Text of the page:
Juliann Ashcraft she's been denied the lifetime benefits she was counting on to raise her four children after her husband was killed in the Yarnell Hill Fire. (Source: CBS News)
Prescott city officials say that Andrew Ashcraft was not a full-time employee of the city's fire department and ineligible for lifetime benefits. (Source: Ashcraft family photo)
"Quite literally, my bills are being paid by the good people of the world who are giving donations, because the city of Prescott isn't doing anything for us," says Juliann Ashcraft.
PRESCOTT, AZ (CBS News) -
More than a month ago, 19 Granite Mountain Hotshots were killed in a fast-moving wild fire that burned through the small community of Yarnell in western Arizona.
While the community is supporting the families of the Hotshots, the majority of them will not receive full death benefits.
The fire that swept over the Hotshots left Juliann Ashcraft a widow. Her husband, Andrew, was 29 years old.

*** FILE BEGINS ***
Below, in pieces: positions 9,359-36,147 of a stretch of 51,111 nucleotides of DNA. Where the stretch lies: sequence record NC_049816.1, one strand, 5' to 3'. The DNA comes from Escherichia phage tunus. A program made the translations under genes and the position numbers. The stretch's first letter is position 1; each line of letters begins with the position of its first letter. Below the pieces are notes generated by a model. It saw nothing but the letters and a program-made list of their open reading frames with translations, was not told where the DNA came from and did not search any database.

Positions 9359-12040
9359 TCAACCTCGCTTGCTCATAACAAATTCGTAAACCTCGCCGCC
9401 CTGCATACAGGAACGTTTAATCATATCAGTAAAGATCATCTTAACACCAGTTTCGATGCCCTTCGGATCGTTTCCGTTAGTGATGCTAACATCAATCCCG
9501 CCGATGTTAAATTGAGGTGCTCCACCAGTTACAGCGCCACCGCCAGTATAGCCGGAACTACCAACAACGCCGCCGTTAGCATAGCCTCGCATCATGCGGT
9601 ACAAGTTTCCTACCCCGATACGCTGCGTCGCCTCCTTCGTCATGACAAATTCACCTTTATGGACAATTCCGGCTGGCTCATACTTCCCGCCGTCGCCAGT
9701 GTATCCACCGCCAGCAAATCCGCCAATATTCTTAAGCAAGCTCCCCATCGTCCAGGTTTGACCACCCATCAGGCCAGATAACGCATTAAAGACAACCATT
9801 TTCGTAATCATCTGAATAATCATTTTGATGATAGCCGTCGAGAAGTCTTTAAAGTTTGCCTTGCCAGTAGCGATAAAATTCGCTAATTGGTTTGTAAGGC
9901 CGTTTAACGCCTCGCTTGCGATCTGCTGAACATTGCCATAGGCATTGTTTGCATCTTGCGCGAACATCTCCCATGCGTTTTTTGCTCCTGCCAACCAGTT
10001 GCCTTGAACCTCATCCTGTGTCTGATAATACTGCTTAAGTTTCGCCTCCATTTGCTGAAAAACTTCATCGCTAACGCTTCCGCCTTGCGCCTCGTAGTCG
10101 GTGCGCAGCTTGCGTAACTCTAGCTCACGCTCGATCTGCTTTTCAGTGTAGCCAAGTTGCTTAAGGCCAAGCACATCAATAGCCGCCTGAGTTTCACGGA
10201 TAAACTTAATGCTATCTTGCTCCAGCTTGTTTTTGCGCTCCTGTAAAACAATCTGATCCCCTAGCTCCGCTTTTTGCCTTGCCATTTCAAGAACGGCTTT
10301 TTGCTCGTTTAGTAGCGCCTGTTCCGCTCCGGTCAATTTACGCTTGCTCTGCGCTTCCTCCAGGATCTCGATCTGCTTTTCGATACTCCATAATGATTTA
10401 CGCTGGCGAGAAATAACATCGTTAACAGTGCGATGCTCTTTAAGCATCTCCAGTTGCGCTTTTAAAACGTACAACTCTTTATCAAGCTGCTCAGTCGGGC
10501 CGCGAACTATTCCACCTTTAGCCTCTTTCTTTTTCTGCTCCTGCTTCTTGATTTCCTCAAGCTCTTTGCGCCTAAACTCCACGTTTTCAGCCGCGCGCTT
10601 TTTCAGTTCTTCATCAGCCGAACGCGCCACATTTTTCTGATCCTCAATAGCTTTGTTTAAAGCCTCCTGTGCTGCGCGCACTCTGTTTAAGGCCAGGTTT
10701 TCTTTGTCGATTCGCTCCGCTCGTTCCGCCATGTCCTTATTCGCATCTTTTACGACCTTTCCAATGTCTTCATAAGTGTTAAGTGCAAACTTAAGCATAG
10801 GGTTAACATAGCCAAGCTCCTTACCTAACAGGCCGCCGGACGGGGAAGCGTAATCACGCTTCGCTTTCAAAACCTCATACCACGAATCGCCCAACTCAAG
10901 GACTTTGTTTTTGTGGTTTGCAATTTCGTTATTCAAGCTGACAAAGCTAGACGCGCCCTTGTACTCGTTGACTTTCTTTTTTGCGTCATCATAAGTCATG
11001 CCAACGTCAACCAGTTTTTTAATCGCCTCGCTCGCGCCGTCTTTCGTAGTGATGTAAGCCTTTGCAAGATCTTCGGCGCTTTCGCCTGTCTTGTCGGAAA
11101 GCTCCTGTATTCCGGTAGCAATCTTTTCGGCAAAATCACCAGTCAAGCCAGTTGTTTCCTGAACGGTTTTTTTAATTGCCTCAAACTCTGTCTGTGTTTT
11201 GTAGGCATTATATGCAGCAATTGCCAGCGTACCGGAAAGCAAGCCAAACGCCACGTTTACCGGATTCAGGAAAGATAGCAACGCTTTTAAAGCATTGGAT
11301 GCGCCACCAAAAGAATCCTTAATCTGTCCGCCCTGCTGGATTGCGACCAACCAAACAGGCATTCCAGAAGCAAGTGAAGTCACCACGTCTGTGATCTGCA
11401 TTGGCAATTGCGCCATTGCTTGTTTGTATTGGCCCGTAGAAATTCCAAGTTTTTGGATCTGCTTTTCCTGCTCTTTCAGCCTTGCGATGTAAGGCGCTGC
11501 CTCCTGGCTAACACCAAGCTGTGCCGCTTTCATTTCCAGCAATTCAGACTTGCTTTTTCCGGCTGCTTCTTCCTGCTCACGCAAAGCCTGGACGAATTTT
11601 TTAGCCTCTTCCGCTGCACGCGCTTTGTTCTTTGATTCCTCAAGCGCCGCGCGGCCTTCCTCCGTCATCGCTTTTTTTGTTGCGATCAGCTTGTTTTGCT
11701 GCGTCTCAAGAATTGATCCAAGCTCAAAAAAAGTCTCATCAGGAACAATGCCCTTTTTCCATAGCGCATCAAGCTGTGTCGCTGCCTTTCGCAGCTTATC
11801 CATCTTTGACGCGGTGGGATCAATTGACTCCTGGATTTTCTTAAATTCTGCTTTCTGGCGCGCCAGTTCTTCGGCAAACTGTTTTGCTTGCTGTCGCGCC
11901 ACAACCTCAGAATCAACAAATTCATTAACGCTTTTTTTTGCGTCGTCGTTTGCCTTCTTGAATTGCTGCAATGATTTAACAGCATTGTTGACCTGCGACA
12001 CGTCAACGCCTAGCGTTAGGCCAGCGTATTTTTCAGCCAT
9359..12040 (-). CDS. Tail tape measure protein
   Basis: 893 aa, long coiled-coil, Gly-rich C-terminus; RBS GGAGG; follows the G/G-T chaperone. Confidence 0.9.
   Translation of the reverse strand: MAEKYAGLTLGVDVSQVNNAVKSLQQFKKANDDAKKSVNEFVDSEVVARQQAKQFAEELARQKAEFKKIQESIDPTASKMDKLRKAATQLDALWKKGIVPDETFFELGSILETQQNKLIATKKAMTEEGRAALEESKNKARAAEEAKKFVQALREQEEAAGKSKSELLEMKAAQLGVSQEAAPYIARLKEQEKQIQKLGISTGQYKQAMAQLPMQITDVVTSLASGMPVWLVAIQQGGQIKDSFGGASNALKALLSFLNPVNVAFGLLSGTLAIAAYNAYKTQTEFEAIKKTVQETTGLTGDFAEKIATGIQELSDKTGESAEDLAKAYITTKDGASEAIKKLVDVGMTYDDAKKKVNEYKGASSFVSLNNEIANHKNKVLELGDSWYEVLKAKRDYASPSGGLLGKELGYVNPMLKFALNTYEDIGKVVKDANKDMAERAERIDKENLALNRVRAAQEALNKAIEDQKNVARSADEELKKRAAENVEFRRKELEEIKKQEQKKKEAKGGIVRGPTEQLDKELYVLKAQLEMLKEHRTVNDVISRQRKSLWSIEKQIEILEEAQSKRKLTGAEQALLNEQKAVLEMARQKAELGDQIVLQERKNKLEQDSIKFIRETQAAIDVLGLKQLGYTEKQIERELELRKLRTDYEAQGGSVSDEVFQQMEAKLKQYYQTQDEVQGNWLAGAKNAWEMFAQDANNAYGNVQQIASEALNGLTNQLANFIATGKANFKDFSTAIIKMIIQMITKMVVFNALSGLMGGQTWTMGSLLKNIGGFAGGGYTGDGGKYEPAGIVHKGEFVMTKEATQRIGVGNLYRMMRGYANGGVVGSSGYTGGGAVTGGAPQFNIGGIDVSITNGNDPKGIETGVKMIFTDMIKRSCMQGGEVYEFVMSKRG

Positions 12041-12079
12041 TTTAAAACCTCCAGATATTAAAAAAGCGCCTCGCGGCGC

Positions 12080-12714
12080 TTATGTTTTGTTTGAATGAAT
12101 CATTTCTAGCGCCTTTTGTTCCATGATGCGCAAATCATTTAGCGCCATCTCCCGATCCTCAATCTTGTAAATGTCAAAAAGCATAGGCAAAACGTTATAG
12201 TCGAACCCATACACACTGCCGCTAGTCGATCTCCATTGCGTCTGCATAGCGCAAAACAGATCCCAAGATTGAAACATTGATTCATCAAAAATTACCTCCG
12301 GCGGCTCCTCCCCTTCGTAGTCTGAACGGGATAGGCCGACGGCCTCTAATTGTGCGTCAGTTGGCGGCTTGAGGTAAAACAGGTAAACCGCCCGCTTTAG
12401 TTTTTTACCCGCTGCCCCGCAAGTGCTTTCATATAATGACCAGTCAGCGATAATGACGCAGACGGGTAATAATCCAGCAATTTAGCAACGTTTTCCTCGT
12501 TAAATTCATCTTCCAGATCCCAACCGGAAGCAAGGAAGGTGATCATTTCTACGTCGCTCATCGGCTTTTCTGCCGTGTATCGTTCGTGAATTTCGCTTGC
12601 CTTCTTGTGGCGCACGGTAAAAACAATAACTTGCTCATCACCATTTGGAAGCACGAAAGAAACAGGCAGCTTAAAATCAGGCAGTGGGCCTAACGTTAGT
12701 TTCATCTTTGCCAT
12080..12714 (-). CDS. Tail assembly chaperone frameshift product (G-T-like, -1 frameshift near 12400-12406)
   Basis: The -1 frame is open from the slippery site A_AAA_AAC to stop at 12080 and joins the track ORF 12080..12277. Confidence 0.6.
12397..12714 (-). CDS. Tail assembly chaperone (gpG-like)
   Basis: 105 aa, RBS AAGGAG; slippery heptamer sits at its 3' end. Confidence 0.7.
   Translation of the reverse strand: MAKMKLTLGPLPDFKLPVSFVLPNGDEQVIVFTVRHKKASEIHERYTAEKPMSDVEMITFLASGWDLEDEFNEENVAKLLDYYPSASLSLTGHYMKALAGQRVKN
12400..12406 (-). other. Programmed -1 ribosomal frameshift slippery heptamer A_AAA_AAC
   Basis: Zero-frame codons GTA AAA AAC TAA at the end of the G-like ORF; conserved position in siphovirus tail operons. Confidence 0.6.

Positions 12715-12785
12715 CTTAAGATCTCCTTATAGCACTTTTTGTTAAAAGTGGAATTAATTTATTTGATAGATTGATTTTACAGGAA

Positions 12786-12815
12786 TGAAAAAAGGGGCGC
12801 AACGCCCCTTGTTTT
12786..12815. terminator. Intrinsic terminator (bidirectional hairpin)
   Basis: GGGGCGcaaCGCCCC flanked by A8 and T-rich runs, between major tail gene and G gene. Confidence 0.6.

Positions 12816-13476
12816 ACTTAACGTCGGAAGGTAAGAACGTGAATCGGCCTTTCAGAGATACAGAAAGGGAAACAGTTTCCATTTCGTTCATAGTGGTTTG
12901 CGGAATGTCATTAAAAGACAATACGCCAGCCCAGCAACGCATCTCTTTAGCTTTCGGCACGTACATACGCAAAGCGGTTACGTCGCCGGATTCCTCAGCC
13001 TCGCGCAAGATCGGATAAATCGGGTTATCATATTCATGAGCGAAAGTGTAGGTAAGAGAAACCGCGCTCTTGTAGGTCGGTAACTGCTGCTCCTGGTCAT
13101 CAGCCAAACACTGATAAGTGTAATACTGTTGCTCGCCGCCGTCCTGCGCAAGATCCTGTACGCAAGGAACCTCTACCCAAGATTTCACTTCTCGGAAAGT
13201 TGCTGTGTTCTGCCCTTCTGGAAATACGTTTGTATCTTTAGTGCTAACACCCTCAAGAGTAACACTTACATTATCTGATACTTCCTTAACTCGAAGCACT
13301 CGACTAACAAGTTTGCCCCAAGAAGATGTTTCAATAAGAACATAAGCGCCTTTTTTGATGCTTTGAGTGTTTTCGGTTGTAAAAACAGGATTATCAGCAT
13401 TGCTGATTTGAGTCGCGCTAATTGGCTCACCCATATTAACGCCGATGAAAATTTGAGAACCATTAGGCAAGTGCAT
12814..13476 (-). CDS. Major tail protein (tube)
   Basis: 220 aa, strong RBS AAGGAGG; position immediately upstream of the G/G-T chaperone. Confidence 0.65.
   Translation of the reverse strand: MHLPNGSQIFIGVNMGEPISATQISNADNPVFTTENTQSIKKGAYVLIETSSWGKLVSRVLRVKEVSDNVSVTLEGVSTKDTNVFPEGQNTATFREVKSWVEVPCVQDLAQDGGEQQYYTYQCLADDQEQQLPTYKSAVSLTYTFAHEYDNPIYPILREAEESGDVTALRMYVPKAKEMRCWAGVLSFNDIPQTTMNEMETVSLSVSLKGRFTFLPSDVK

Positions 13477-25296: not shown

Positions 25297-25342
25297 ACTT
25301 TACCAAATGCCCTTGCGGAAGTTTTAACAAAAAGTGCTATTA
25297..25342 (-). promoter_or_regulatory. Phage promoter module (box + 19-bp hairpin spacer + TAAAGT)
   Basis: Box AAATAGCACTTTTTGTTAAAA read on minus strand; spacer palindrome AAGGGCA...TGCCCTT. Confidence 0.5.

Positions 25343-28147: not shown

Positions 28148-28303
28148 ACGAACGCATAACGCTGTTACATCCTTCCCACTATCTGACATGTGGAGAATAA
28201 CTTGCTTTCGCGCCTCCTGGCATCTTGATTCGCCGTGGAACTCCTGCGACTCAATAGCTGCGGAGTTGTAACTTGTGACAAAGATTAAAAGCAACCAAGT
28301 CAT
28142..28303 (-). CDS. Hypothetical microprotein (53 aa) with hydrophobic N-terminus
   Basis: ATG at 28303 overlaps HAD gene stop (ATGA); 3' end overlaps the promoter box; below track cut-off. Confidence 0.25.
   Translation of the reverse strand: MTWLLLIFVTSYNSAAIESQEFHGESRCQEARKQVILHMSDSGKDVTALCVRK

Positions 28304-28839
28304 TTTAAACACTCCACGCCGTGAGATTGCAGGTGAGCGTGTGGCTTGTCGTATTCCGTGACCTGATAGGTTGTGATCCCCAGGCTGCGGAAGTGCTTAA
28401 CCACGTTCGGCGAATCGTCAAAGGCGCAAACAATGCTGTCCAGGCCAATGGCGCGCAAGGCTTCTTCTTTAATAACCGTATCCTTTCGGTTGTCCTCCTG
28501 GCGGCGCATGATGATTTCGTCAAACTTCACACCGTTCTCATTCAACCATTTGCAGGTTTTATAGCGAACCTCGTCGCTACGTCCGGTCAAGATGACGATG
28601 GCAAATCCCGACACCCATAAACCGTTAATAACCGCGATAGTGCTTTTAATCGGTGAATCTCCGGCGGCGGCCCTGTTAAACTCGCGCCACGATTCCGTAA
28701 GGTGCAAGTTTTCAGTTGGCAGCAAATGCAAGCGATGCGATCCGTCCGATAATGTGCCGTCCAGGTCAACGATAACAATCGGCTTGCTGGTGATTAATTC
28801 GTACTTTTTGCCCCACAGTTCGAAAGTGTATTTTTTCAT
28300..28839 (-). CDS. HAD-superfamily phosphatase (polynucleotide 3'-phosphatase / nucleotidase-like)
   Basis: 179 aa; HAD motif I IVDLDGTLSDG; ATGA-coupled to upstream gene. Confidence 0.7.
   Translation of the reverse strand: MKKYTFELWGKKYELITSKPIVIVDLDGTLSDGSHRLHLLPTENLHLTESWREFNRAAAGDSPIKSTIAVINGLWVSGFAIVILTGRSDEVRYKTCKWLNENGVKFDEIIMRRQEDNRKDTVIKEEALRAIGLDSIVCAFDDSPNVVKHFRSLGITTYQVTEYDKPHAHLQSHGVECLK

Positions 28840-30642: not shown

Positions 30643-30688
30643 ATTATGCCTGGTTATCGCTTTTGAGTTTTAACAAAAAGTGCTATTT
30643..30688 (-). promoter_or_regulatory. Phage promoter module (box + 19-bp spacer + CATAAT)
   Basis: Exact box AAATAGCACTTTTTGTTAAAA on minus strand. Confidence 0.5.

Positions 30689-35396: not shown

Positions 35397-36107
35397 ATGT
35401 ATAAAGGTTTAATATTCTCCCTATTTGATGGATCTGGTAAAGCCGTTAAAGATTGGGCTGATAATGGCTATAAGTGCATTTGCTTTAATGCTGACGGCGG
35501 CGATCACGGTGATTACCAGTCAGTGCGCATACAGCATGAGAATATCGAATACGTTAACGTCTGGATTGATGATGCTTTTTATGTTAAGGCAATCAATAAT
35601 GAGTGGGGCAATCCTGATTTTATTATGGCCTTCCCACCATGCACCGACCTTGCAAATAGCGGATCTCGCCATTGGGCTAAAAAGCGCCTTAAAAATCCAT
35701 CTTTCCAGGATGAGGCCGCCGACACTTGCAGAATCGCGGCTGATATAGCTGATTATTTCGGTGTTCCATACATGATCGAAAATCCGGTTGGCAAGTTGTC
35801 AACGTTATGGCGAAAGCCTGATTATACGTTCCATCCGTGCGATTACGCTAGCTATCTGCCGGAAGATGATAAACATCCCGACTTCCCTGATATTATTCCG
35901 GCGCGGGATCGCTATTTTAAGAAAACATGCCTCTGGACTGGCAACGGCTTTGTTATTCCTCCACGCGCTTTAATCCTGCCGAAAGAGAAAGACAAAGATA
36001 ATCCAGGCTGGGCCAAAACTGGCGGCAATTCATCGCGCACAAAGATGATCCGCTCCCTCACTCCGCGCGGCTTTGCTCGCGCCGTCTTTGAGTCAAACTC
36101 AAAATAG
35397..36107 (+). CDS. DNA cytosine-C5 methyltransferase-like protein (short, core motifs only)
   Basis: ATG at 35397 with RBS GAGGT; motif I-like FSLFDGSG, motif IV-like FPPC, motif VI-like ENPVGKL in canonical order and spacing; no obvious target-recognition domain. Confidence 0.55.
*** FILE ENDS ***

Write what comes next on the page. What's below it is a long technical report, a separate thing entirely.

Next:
"I want to be able to just be mourning my husband, be supporting my children, be figuring out what our new normal is," Juliann Ashcraft said.
But she's been denied the lifetime benefits she was counting on to raise her four children. The youngest is 18 months old.
When asked if she thought the benefits would be much of an issue, she said, "No. As shocked as I was that my husband went to work and never came home, I'm equally shocked in how the city has treated our family since then."
All 19 Hotshot families will receive worker's compensation, and a one-time federal payment of $328,000. But the city insists Andrew Ashcraft and 12 others were seasonal employees and are therefore not entitled to the lifetime salaries and health benefits - worth millions - given to the six full-time Hotshots.
"I said to them, 'My husband was a full-time employee, he went to work full time for you.' And their response to me was, 'Perhaps there was a communication issue in your marriage,'" Juliann Ashcraft said.
Paperwork obtained by CBS News shows that Andrew Ashcraft did earn a full-time salary. And the local firefighters union told CBS News that of the 13 Hotshots denied full benefits, Ashcraft was the only one to work 40 hours a week year round.
City officials declined multiple requests for an interview but Thursday issued a statement, saying, "The City has fully complied with all of the laws and employment policies that direct survivor benefits."
"Quite literally, my bills are being paid by the good people of the world who are giving donations, because the city of Prescott isn't doing anything for us," Ashcraft said. "And now I have four kids and myself and I don't know what I'm going to do!"
Her plans may soon include a lawsuit against the city.